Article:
Once you get a few paying gigs through Craigslist, start keeping a database of the outlets that pay promptly and in full, and resubmit there because the editors will be friendly. As you find more and more success online, remember to search out aggregator sites that pull from various Craigslists around the country, as well as other sources. It’s also worth getting yourself onto Twitter, because the literary fandom there is pretty big and you will be able to connect to various outlets and ‘zines that collect submission guidelines to find more opportunities.
Time and again, creative writing students cite the difficulty inherent in carving out times for practice and development as one of the chief reasons for their frustration with their progress. It’s such a common problem for those working on developing their craft to a professional level that Writers’ Digest has multiple articles (1, 2) on the topic. No matter what the take on the subject, writers often get the same advice: make sure you set aside time, make sure you practice every day, make sure you read other writers whose work you admire, to understand what it is that you are reaching for. And, often, the advice comes with the added note that it takes a lot of textual exposure and practice before you begin to lock in to the style and structure that you need to propel yourself to the next level.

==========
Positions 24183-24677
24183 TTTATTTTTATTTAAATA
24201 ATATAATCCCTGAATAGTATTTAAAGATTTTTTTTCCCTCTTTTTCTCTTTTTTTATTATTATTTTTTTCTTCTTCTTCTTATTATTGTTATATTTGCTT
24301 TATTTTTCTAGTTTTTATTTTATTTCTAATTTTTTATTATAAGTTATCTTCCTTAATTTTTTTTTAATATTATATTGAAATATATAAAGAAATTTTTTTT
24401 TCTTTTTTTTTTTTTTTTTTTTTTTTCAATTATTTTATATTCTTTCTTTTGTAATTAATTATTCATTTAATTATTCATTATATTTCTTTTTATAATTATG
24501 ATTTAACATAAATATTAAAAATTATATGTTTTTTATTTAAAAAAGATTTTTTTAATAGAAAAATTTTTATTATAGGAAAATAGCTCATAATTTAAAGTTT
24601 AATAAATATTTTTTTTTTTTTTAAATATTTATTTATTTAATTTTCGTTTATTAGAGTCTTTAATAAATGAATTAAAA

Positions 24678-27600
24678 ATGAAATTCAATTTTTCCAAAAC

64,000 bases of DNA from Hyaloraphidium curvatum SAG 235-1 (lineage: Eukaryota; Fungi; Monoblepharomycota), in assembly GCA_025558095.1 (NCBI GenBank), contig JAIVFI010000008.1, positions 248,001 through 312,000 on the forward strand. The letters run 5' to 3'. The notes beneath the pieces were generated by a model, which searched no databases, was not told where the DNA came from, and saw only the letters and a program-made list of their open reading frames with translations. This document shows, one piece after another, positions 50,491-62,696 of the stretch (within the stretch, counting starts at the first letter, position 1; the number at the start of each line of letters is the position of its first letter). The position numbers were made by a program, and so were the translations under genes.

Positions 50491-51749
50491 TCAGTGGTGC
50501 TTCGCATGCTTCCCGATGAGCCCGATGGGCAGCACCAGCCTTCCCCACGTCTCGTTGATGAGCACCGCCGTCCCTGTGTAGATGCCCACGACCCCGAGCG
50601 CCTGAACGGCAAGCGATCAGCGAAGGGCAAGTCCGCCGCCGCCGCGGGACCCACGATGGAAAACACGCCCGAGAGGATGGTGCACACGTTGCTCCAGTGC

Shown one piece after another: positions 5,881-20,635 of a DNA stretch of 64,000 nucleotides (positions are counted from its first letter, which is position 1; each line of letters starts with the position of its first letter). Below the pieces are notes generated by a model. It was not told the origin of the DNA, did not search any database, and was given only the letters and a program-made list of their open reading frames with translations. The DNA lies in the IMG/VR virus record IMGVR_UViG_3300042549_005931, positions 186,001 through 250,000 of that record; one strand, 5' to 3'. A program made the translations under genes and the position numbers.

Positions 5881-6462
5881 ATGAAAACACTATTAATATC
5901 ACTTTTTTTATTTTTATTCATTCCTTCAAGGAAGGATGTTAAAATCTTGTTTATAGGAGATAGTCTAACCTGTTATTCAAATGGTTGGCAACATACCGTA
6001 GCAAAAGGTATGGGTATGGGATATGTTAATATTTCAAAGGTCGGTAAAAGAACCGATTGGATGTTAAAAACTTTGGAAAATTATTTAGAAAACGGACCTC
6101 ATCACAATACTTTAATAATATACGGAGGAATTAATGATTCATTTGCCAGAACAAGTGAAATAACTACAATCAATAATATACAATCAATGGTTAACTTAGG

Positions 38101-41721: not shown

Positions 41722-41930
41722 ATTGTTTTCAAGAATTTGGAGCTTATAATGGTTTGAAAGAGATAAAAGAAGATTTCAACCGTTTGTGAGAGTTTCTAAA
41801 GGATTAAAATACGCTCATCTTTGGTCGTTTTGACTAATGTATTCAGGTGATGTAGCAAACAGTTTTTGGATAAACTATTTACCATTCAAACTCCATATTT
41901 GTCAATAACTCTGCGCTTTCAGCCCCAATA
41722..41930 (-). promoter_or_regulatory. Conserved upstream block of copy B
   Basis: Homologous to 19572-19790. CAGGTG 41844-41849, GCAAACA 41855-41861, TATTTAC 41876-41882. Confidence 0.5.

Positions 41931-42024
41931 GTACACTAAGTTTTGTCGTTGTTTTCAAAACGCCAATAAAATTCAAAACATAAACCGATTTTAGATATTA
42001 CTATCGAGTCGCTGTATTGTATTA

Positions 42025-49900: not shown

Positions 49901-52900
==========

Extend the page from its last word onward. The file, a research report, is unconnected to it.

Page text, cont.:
It’s just a pity things don’t always work that way.
The Myth of Practice Time
Most of the advice about making time to write is built around the comparison between writing and athletic or musical talents, and that is exactly why the advice is trouble. In a lot of ways, writing is like those other skill sets–it is technique based, it requires both muscle memory and active critical thinking in a real-time state, and the performance of it can be broken down and discussed in ways that help educate the practitioner so that they make better choices at other times. Where writing is different from those other skills is in the cost and the balance of life activities to practice effort.